Land, urban form and ecological footprint of transport: application of geo-information to measure transport related urban sustainability in developing countries with a case study of Ahmedabad, India
Author(s): Zuidgeest, Mark
All authors:
Host organisation:
Smaller Projects Abstracts
Country: China
Publication year: 2006
Published in:
Research theme: Environment and Climate Change, Mobility and Access, Walking and Cycling
Transport and development, Transport and environment, incl. climate change, Non-motorized transport (NMT), Geo‐information systems for Transport (GIS-T), Land – use Transport Integration, incl. Urban form
Final Report
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With the current pace of social and economic development of cities in rapidly developing countries such as India and the resulting growth of the urban population, sustainable urban transport has become a major concern. This growing concern for sustainable transport highlights the need for consistent information to support informed policy and decision making in this sector. Most issues of sustainable transport are related to a better understanding of people´s travel patterns, which are highly influenced by urban form elements and socio‐economic attributes. The research undertaken in the VREF Smaller Project defines urban form indicators and addresses how important indicators can be derived and quantified using spatial analysis techniques and remotely sensed imagery. The research culminates in the quantification of a Transport Ecological Footprint (TEF), an easy‐to‐understand measure to communicate the impacts of the transport system on the environment.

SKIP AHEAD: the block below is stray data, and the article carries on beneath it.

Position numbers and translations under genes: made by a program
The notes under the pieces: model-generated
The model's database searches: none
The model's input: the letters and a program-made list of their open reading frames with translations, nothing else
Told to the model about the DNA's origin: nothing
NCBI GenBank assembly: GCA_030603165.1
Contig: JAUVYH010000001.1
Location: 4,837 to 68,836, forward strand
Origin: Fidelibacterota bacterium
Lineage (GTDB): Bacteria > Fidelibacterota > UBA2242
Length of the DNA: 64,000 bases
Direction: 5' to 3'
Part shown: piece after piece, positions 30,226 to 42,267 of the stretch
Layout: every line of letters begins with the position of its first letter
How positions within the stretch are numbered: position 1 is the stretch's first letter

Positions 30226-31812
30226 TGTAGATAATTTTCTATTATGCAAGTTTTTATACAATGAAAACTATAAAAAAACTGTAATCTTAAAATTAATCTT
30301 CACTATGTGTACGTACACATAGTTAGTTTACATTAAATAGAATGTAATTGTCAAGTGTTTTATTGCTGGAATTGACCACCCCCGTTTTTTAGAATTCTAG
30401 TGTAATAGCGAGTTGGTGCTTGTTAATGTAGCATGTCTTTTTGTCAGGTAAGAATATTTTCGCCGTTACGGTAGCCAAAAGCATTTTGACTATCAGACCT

Urban form and urban land use information are intrinsically linked to travel patterns (Stead & Marshall 2001; Snellen 2001; Badoe and Miller 2000, Song and Knaap 2004) and consequently to the transport ecological footprint. The relationship between transport, land use and urban form is complicated by the fact that a change in any one of these aspects will also result in changes in the other two (Cao et al. 1998). Therefore a better understanding of the three‐way dynamics between the level of land supply, urban form and travel demand would be helpful to decision‐makers. Important urban form elements in this research are distance of residence from the urban centre, settlement size, mixing of land uses, compactness, provision of local facilities, density of development, proximity to transport networks, availability of residential parking, road network type, neighbourhood type and population distribution (based on income). These can all be considered as important proxies for travel pattern characteristics like the number of trips people make, average trip length, mode choice etc. A number of these indicators have been developed using remote sensing (RS) and geographical information systems (GIS) for the city of Ahmedabad in India. The extraction of urban form and land use information in developing indicators to support urban transport analysis using RS and GIS has received considerable attention recently (Zhang & Guindon 2006; Guindon & Zhang 2006; Song & Knaap 2004; Torrens & Alberti 2000). Remotely sensed imagery provides a global information resource that, when compared to traditional methods of data collection, has the ability to provide data of an entire area, including areas that are difficult to access, at a greater data acquisition frequency, reusable for different projects and in a cost efficient way (Jensen, 2000). With the arrival of high resolution satellite imagery, new imaging technology and image analysis techniques, new opportunities for more detailed mapping and analysis of the urban area have come up. At the same time, the transport planning community is increasingly showing interest in topics related to urban remote sensing research.

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